Treating diabetes, eating in moderation is the key principle. Contrary to the common notion that fruits should not be taken by diabetic. Diabetics often ask whether it is safe for them to eat large quantities of fruit. Many people suffering from diabetes avoid eating fruit because they are worried about the high sugar content found in most fruits. Fortunately, there are many fruits a diabetic can enjoy which do not significantly affect blood glucose levels.
Fruits are essential part of a diet since they are generally a great source of vitamins, minerals and fiber needed for the body. Aside from the many benefits of fruits to the person’s wellness, most fruits are also found to have medicinal properties known to cure certain diseases. You can still eat fruits but should be taken in moderation. Sun-dried and dry fruits such as raisins and dates should be restricted by diabetics because they contain high levels of calories and carbohydrate.
In India mangoes are grown widely in the southern belt. ‘Alphonso’ variety of mango which is exported world wide is cultivated in ‘Ratnagiri’ in the southern part of India. It is an affordable and seasonal fruit. Mangoes can be eaten both raw and ripe.
Mangoes are a good source of vitamins and minerals and fiber. Mangoes are high in antioxidants, and like other yellow/orange fruit such as Papaya and orange, they are an excellent source of beta-carotene (Vitamin A). They also contain Vitamin E and selenium which help to protect heart disease and cancer. The phenolic compound found in mangoes has been found to have powerful antioxidant and anticancer properties. Being high in iron, mango is said to be very good for pregnant women as well as for people suffering from anemia. Mango is believed to be effective in relieving clogged pores of the skin.
Nutrition Facts and Information about Mango:
Mango is a good source of minerals such as copper and potassium. It contains traces of magnesium, manganese, selenium, calcium, iron, and phosphorus.
Calorific Content of Mango: 100g of mango contains about 75 calories. Raw mangoes contain starch, which is converted into sugar as the fruit ripens.
Fiber rich foods: are general safe for diabetics to eat because they tend to have a lower glycemic index (GI) and therefore do not spike blood sugar levels to the same extent as high GI foods. This is because fiber slows down the absorption of sugar into the blood stream. Fiber rich fruits tend to be fruits with edible skins and seeds as it is these parts of the fruit that are highest in fiber.
Vitamin Content: Mango is rich in Vitamin C and Vitamin A. Vitamin C content is more in raw mango as compared to that in ripe mango. It also has traces of Vitamin E, Vitamin B and Vitamin K.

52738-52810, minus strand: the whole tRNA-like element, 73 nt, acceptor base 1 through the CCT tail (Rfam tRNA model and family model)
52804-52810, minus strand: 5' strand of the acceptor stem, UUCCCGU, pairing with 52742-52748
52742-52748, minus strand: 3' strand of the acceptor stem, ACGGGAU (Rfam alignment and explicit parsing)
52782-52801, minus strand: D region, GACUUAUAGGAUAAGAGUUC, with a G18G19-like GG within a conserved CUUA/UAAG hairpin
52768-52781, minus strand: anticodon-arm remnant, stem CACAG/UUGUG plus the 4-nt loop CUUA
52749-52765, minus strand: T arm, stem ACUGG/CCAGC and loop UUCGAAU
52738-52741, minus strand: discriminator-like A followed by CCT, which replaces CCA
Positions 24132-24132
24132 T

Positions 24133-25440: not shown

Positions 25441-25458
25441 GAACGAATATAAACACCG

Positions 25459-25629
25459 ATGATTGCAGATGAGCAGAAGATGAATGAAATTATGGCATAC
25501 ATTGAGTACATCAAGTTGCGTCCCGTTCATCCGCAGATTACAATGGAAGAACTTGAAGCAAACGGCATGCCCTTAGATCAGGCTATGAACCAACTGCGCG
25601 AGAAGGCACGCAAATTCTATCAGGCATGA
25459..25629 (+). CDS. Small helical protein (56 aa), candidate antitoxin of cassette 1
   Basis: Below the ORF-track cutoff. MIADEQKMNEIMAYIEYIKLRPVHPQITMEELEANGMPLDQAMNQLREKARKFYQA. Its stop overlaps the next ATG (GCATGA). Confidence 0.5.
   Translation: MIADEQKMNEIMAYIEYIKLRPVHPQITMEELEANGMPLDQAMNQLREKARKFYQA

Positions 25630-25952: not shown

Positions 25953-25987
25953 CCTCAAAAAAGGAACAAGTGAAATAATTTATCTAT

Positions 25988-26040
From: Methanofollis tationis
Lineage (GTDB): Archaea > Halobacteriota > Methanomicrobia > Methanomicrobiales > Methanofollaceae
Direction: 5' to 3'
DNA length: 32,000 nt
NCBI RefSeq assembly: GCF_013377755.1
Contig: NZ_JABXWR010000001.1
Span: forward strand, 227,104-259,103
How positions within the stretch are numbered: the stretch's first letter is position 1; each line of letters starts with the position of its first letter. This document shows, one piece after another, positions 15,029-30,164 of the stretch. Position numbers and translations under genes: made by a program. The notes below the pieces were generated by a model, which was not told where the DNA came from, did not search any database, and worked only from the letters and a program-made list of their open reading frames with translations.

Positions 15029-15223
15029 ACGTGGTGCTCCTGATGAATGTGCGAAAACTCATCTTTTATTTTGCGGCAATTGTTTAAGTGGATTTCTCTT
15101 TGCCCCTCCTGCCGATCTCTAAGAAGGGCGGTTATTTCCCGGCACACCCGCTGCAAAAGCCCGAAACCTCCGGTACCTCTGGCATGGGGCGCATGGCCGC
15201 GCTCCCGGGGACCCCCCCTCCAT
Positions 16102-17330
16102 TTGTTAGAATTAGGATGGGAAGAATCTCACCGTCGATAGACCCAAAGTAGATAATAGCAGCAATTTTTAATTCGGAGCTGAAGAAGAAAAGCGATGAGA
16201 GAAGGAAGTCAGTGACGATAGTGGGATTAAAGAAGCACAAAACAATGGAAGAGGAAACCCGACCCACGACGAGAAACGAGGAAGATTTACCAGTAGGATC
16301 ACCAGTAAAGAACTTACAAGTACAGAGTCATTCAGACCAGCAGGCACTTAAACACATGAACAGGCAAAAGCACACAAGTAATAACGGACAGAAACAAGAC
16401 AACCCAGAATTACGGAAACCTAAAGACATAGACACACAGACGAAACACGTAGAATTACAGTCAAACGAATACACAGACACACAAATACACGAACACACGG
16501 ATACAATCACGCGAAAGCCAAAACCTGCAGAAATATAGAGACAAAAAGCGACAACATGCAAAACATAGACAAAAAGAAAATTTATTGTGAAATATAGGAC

The dulcet, juicy insides of the mango pack a nutritional punch. Its characteristic orange color is a clue to its storehouse of beta carotene (Vitamin A). Ripe mangos hold the highest levels of beta carotene, while green mangos are higher in Vitamin C. These antioxidant carotenoids are known for their protective power against certain cancers. Mangos also supply ample potassium, making them ideal for hypertensive patients or anyone looking to replenish energy after physical activity.
We all know the importance of fiber in our diets. If you are eating your mango-a-day, irregularity is not a problem for you and so we’ll spare the gruesome details regarding constipation, piles and spastic colon. Research has shown that dietary fiber has a protective effect against degenerative diseases, especially with regards to the heart; may help prevent certain types of cancer, as well as lowering blood cholesterol levels.
Fruits high in fructose, and those with high fructose to glucose ratios are also beneficial to diabetics because fructose does not require insulin to metabolize and therefore can be enjoyed by diabetics in prescribed amounts.
Health Benefits of Mango: The nutritional value of mango makes it good for weight gain, eye disorders, hair loss, heat stroke, prickly heat, diabetes, bacterial infections, sinusitis, piles, indigestion, constipation, morning sickness, diarrhea, dysentery, scurvy, spleen enlargement, liver disorders, menstrual disorders, leucorrhea, and vaginitis.
Nutritive value for 100 g of mangoes:
Calories: -74 kcals
Carbohydrate -16.9 g
Fat: -0.8 g
Potassium -323 mg
Phosphorus -23 mg
Magnesium -19 mg
Calcium -21 mg
Sodium -4 mg
Iron -0.27 mg
Selenium - 1.2 mcg
Manganese - 0.056 mg
Copper - 0.228 mg
Zinc - 0.08 mg
Vitamin A - 1584 IU
Vitamin B1 (thiamine) - 0.12 mg
Vitamin B2 (riboflavin) - 0.118 mg
Niacin - 1.209 mg
Folate - 9 mcg
Pantothenic Acid - 0.331 mg
Vitamin B6 - 0.227 mg
Vitamin C - 57.3 mg
Vitamin E - 2.32 mg
Vitamin K - 8.7 mcg
A Diabetic can take fruit as a snack in prescribed amount and better not with the meals. If diabetic wants take fruits with meals then they must reduce their cereal portion. A mango is beneficial to human kind in many ways and form. So now you can purchase and enjoy the king of fruit Mango during this season without any guilt.
Welcome to M.V Hospital for Diabetes, established by late Prof. M.Viswanathan, Doyen of Diabetology in India in 1954 as a general hospital. In 1971 it became a hospital exclusively for Diabetes care. It has, at present,100 beds for the treatment of diabetes and its complications.
Wednesday, May 18, 2011
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